3 Reasons Why Northeastern Will Win in Start-up Education
This post has been brewing with me for sometime, probably as long as 12 months, so bear with me as I try to pack a lot in. It’ll include a few different elements, my experience at Babson and what that taught me about entrepreneurship education, the on-going Silicon Valley vs Boston debate, and why students interested in entrepreneurship should take time off school. My point is to tie it together and conclude Northeastern University has got it right, and why it will be the winner out of this much-claimed Boston innovation renaissance.
1. What Babson taught me about entrepreneurship education.
I’ve dissed Babson a lot. Probably extremely unfairly. My history with Babson is I studied abroad for Spring and Fall semester 2009, I was offered a lot of opportunities there, and I took them. I know I’m not being grateful enough, but here’s what disappointed me. There is this claimed number 1 in the U.S. in entrepreneurship stuff. And to me, it just didn’t live up to the hype. Less than 10% of undergrad students were really passionate about start-ups. Of that, most of them identified entrepreneurship very closely with scalable start-up which they identified very closely to consumer internet start-up. Yet this was so far from the education on small business marketing or Fortune 500 strategy cases. Dharmesh Shah once told me that you need two types of people in a start-up, someone who can build it and someone who can sell it. So for consumer internet that’s someone who can build web apps and someone who understands online marketing. This was not what I learnt at Babson. Maybe I’m wrong and it wasn’t their responsibility.
2. Silicon Valley vs Boston
For the three people who read this blog you’ll know that I’m deciding where to relocate myself and the company in the upcoming few months. So naturally I’ve been paying quite a bit of attention to this Silicon Valley vs Boston debate, on the merits of each entrepreneurial ecosystem. Silicon Valley is clearly king for consumer web, Boston is trying a lot of things and has a ton of smart students. With all this stuff that Boston is doing, I’m sure you’ll see a lot of younger people starting companies, because it’ll be a part of the culture (I’ll do a later post on my theories on why young people found companies, and how to get more of them doing it). And hopefully many of them will stay in Boston rather than just going to Silicon Valley and New York. Boston is a good place to be if you’re young, especially if you’re still in school as there are probably more opportunities for you than ever before.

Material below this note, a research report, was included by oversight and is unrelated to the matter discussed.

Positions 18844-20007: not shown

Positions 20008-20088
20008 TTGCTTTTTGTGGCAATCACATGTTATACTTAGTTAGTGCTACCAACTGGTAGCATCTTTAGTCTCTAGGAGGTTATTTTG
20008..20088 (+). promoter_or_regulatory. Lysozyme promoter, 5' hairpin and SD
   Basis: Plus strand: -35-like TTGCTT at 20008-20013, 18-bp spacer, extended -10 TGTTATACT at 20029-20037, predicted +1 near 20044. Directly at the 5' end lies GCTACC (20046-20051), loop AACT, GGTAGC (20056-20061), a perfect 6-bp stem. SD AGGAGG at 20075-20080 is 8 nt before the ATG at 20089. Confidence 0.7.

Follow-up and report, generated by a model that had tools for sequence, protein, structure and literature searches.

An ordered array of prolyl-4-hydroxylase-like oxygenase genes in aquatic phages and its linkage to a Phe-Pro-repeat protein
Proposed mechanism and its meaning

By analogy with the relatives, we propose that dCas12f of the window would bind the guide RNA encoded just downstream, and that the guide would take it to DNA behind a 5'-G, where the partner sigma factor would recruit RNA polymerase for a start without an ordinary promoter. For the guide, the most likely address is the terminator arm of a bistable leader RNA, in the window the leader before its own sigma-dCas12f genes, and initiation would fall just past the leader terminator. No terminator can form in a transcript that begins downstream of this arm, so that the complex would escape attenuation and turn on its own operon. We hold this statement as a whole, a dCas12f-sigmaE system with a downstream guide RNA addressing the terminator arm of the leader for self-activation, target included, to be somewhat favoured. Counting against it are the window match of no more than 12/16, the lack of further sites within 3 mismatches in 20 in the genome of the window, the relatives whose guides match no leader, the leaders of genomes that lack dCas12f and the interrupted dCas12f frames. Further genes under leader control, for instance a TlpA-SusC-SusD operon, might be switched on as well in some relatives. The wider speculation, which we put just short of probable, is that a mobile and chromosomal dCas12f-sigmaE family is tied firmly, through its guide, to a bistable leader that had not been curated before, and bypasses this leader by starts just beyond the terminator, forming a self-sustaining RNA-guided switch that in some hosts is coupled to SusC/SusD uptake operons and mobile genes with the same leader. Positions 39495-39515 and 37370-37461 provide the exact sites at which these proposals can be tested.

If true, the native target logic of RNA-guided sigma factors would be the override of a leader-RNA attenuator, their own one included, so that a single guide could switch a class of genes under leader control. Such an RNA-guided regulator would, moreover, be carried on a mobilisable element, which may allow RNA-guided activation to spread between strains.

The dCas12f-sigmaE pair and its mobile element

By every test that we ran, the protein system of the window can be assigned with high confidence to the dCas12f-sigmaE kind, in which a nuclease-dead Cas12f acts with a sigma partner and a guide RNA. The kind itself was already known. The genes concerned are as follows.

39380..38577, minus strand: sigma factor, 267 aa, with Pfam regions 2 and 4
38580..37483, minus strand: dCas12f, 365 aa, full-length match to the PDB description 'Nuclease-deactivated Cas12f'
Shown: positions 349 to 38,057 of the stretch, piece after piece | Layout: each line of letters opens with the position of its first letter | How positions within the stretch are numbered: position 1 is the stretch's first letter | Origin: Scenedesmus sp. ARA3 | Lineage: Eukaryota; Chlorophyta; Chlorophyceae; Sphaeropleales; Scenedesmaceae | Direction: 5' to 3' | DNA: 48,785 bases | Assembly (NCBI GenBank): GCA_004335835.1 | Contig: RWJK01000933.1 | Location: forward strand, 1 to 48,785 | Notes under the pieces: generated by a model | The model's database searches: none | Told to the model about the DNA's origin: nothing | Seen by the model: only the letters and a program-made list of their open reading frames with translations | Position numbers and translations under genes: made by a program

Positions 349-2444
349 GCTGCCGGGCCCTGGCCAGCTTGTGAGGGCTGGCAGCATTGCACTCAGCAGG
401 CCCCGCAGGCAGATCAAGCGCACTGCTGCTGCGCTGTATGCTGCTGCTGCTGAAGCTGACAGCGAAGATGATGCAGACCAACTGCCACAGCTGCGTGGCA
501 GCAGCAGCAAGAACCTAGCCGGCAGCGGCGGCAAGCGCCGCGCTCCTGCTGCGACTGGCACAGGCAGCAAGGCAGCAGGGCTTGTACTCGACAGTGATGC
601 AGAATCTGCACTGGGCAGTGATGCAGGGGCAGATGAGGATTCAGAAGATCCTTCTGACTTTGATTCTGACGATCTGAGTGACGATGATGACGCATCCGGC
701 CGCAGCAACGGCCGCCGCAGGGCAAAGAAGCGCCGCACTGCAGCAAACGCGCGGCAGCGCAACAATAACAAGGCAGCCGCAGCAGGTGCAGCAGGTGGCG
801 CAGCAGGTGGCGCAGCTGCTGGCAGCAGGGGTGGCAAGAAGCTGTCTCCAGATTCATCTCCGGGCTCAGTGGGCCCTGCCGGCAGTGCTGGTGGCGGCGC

3. Why students interested in entrepreneurship need to take time off school
What I also discovered whilst I was at Babson was because I was on study-abroad, I was on something called pass-fail, i.e. it was a binary result, i.e. getting 51/100 was as good as 100/100. What this essentially meant was I had time to pursue a start-up idea which would eventually lead to Blank Label. My friends at Babson were jealous. Hey, how come you never turn up to class and work on your start-up all the time? Teachers got annoyed, how come you never turn up to class and work on your start-up all the time? The answer, I didn’t pay $50,000 for those classes and I just needed to pass (which I didn’t really have to do since I dropped out anyway). I’m not as extreme as Caterina Fake’s I’ll fund you if you’re dropping out of school argument, but I do believe that time away from the class is just as important, if not more so, than time in the class.
Why Northeastern will win
1. They are an actual university with multiple schools of training and if they can get the cross-polliation right, they’ll develop people who can make it and sell it hanging out in the one place. And from my few friends at NEU, I agree with David Cancel in that NEU students are far from entitled (can’t be said for many of their Bostonian counterparts) and they have something to prove. Start-up founders always have something to prove.
2. A lot of the work is already being done for them. Boston is reinvigorated, and pissed off that Y-Combinator then Facebook and more recently WePay are heading over there. There is something brewing and it’s a good time to be a student in Boston. I’m thinking Dart Boston, Stay in MA, Innovation Open House.
3. They force students outside the classroom. It’s institutionalized in their co-op program, and now they’re letting students work on their own start-ups for a semester (plus potentially a summer) at a time. That’s huge.